Features

Oscars 2012: How I'm Voting

We asked four high-profile Academy members to tell us, anonymously, who's getting their votes and why. Their answers may surprise you

The Actress
A past Oscar nominee who has appeared in both dramas and comedies

Picture
Moneyball
It's ridiculous having 9 or 10 nominees. That's too many movies for anyone to have to watch. Anyway, I hated Extremely Loud & Incredibly Close. It was maudlin and sentimental, and the whole movie hinged on a child actor who seemed like he was out of a sitcom. War Horse was the kind of movie that used to win Oscars — an old-fashioned sweeping epic. Hugo was a children's film — and children's films shouldn't win Best Picture. Midnight in Paris was sort of a soufflé: enjoyable but very slight. The Help was a beautiful movie. Great attention to detail. It was sentimental without being overwrought, but a little cutesy in spots. The Tree of Life was really interesting but a little too artsy and esoteric. The Descendants was another beautiful film, melancholy and odd, but a little sitcommy in places. The Artist was amazing, but I felt like it was an aberration. I don't think it represents Hollywood in the 21st century. I mean, a Best Picture should have sound. So I'm going to vote for Moneyball. A brilliant film, really smartly written, but it didn't condescend to the audience.

Director
Michel Hazanavicius, The Artist
I love Martin Scorsese, but I'm voting for Michel Hazanavicius. He created a wonderful fantasy and pulled off the near-impossible.

Actor
Jean Dujardin, The Artist
George Clooney turns in quietly beautiful performances year after year. He makes it look easy. And I loved Brad Pitt's performance. Very wistful and full of melancholy. But I'm voting for Jean Dujardin. He has this quiet dignity when everything falls apart. He has these little gestures with his hands. You could see the sense of loss. It was the quintessential film performance — it's all about his face.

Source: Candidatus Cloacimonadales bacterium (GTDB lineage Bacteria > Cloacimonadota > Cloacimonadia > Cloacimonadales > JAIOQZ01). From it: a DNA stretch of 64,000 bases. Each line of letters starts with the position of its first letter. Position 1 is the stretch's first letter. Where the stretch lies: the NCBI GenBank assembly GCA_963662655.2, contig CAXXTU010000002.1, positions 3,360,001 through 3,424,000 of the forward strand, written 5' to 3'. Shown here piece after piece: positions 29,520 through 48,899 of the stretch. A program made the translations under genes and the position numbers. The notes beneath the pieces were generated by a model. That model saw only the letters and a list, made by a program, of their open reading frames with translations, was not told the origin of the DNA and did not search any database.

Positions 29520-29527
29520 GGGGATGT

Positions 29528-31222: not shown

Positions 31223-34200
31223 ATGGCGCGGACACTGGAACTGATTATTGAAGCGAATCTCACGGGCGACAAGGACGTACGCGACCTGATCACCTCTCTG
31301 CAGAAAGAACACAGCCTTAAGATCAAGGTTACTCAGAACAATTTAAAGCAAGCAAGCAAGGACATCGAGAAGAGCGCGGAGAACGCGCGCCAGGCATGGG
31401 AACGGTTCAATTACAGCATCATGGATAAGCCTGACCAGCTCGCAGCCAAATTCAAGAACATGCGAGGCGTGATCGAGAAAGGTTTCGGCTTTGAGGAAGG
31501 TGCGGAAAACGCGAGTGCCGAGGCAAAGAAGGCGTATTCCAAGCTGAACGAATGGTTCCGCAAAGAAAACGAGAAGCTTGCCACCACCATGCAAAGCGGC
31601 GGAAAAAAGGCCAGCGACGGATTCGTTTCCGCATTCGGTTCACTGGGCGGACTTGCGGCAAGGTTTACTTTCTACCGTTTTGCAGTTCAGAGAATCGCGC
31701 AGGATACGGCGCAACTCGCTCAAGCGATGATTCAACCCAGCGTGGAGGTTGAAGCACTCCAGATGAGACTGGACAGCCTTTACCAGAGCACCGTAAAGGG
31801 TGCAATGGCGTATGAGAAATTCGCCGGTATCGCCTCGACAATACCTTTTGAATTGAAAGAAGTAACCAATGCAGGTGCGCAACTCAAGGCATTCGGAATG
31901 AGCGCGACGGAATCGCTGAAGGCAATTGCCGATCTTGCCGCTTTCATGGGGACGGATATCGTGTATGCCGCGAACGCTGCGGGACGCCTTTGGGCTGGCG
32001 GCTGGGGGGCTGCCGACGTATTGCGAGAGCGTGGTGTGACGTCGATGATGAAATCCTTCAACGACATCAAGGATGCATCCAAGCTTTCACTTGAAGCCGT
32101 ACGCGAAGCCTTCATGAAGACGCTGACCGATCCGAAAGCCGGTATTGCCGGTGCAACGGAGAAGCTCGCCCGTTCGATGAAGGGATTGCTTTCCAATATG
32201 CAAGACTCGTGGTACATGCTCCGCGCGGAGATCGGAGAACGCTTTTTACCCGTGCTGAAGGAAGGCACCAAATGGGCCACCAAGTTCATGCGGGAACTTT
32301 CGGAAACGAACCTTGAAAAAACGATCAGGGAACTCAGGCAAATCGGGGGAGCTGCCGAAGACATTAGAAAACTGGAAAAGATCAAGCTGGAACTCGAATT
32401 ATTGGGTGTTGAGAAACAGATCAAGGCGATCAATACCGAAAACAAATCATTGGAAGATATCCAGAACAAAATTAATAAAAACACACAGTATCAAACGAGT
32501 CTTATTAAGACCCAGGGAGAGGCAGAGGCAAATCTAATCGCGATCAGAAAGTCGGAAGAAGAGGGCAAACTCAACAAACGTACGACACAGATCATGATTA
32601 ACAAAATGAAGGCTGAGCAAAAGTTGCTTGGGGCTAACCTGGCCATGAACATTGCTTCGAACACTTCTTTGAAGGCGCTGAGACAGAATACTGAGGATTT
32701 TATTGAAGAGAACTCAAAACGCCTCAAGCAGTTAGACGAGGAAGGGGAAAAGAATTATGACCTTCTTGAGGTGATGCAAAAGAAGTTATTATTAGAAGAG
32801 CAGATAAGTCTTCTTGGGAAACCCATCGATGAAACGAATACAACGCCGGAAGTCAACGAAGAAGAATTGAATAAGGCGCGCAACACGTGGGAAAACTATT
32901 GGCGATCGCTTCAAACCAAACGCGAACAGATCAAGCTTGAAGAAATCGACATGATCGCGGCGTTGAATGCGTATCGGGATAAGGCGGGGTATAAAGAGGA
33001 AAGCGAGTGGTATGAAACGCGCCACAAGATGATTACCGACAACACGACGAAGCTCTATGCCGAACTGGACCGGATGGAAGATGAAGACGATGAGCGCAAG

Actress
Viola Davis, The Help
Every performance in this category is amazing. Glenn Close — I totally believed her as a man. Rooney Mara had this quiet intensity and rage. But she's young and seemed kind of arrogant in interviews, and it really does matter how you campaign for an Oscar. I love Michelle Williams, but the performance was a little labored and self-conscious. Meryl Streep gave a lovely, nuanced, heartbreaking performance, but she gets nominated every year. But Viola Davis in The Help was such a revelation. She anchored that movie. You were never aware that she was acting — there were no actor calisthenics. That's who I'm voting for.

Supporting Actor
Jonah Hill, Moneyball
He brought out the humor in the character without going broad. It was a lovely characterization.

Supporting Actress
Octavia Spencer, The Help
Her performance was so wonderfully grounded and quirky and ferocious. She's this amazing actress I'd never really seen before, and she was holding her own among such amazing actors.

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